You’ve decided to try a new stylist, but before you make the commitment, you call to set up a 15-minute consultation to interview him. You want to make sure you’re both on the same page about your color, your cut, the cost, the amount of maintenance, and a dozen other questions you have. Those 15 minutes determine if you book an appointment or thank the stylist for his time and call someone else. You’ll make a judgment about his knowledge, his personality, maybe even his skills. If he wins you over in the consultation, but forgets or ignores your preferences while he cuts and colors your hair, you’ll likely leave the salon never to return. And you’ll tell your friends.
Conversely, let’s imagine the stylist took those 15-minutes to listen to you, and then explained all the legitimate reasons your hair can’t “look like the picture.” However, he repeated back to you what you want: a maintenancefree style that looks breezy and natural. Then he offered an alternative style and a few products that would allow you to achieve a similar look. You’ll likely leave the salon with a scheduled appointment. And you’ll tell your friends.
The truth is, a stylist (or a nail tech) can be wildly talented and educated, but if she doesn’t make a connection during the consultation, the client won’t return. If you don’t take the time to listen to what a client wants and educate her about which products and services will best help her achieve her goals, she’s likely to walk away as disillusioned with you as you would have been in the story of the imaginary stylist.
Everyone has a story, and one of your responsibilities as a nail tech is to listen to your client’s story to determine how to give her the best experience possible. The client consultation provides the perfect medium to do this. When done well, a consultation feels natural, organic, even spontaneous. The information you collect allows you to better understand your client’s health issues, how she uses her hands, when she will want to come in for appointments, and why she chose you and your salon. The consultation “builds your wealth, knowledge, integrity, trust and honesty,” says Sam Villa, stylist and Redken educator.
A nail tech for 13 years and spa director at Salon Art-Tiff in Ephrata, Pa., Gina Burkholder still gives clients a consultation at every appointment. “I treat new clients differently than repeat clients,” she says, “but at each appointment I check in to see if I am meeting their expectations.” The consultation is an exercise in listening. Here you establish yourself as a professional who not only hears, but also understands. The consultation is not the time to talk personally about yourself. “Effective communication is 80% listening,” says Villa. If your client mentions she plays tennis, for example, launch into a follow-up response about the length of her nails, not an anecdote about your own love of the sport. Just as effective communication is 80% listening and 20% talking, so an effective consultation will be 80% professional and only 20% personal. The conversation is likely to last only three to fi ve minutes, so keep it focused.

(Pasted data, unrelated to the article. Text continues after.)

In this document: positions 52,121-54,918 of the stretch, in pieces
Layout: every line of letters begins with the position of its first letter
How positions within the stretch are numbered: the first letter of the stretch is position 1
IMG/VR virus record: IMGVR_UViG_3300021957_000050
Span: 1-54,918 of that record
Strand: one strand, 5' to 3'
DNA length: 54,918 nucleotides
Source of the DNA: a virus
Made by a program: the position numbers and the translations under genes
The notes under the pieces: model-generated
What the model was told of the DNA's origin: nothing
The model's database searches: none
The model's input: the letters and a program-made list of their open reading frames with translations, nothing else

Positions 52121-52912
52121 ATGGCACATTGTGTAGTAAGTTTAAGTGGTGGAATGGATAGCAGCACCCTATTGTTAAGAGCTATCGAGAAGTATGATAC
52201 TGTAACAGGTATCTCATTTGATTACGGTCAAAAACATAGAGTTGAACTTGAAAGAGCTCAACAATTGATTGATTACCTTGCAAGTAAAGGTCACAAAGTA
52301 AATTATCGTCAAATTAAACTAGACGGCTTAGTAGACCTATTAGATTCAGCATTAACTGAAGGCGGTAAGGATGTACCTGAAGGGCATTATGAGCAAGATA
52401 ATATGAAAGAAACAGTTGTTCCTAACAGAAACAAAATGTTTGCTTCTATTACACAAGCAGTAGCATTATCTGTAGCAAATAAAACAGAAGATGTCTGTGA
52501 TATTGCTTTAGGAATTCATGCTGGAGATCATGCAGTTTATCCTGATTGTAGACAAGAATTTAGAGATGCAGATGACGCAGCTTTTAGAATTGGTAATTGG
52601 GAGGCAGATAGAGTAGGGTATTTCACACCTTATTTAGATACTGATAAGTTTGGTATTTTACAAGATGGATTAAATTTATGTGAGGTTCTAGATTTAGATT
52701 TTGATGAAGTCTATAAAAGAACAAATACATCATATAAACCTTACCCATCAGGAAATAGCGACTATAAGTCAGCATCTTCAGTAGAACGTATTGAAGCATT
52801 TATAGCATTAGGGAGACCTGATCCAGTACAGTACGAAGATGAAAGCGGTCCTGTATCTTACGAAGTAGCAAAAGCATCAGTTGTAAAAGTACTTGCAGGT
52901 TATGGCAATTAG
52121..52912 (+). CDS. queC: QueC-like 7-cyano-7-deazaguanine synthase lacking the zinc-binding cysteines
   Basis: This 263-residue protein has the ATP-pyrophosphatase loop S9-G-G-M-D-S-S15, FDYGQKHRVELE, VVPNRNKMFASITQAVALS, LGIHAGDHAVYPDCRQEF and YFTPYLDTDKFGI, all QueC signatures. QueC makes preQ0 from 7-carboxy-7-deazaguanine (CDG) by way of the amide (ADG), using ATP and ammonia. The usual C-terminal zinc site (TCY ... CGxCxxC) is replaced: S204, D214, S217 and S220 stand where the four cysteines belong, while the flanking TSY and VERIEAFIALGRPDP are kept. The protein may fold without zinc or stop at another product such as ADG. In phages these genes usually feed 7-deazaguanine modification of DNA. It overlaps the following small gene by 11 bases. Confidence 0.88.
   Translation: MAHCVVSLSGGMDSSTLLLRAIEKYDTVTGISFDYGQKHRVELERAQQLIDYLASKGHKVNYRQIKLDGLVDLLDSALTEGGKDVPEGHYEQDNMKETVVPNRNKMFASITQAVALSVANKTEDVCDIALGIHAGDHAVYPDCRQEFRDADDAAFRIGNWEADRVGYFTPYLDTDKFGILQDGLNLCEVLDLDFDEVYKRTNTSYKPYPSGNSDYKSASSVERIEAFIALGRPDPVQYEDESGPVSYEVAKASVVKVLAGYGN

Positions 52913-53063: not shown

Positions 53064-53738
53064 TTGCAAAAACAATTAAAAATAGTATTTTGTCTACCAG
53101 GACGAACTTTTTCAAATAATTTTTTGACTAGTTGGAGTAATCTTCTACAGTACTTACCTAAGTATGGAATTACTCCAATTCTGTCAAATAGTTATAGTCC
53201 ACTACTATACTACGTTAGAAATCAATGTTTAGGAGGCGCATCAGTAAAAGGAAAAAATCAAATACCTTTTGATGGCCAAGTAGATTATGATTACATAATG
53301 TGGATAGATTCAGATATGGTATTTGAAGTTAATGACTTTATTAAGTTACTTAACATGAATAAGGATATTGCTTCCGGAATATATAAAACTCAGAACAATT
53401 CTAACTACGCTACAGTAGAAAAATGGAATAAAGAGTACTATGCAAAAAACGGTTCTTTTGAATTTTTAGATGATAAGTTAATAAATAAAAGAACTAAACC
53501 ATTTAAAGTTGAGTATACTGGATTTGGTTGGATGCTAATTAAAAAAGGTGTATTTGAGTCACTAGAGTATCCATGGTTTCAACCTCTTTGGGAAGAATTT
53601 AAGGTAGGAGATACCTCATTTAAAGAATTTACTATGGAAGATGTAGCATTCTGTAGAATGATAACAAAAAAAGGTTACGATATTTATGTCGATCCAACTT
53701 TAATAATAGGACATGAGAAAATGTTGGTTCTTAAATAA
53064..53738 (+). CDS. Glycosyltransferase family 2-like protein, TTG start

Whether asked on an intake form or informally at the desk, the questions you ask help you determine which service is best for your client. Is the client in for a special occasion? Does she intend to continue maintenance? If so, how often would she like to return to the salon? Does she want enhancements, gel-polish, or a traditional manicure? Why? Is she on any medication? Does she have any health conditions? Is she in a lot of water? How active is she? Does she have kids and pets? What length is best? What shape? “Sometimes, a client’s wish doesn’t correspond to the lifestyle,” says Burkholder. Other times, clients use terms differently than techs would. For example, a client might say she wants a gel overlay, but she really means she wants gel-polish. Ask questions, listen, and educate.
Next page: Foot facts and handling expectations
Consults with pedicure clients would include questions about footwear, and health issues such as cancer, diabetes, or high blood pressure. Is the client pregnant? A tech may need to ask further questions about dry heels, calluses, pincer nails, ingrown nails, or even fungus. Gather as much information as you can about a client’s history and condition and document all the information. “We have a way to tell the front desk to add notes to a client’s file,” says Burkholder. “This way, the notes show up on the work slip at the client’s next appointment.”
“When a new client comes in, I have a consultation while I’m doing the pedicure,” says Lourdes Castillo, owner of Lourdes Nail Studio in Sarasota, Fla. “I look over the feet and begin to ask questions to decide what the client needs.” Castillo has taken classes in podology, so she uses the consultation time to talk about any conditions she sees, and also to educate her on which products she needs for at-home care. If she learns the client is diabetic, she opts for a special fi ling machine that cleans and shortens the nails and will not cut the skin.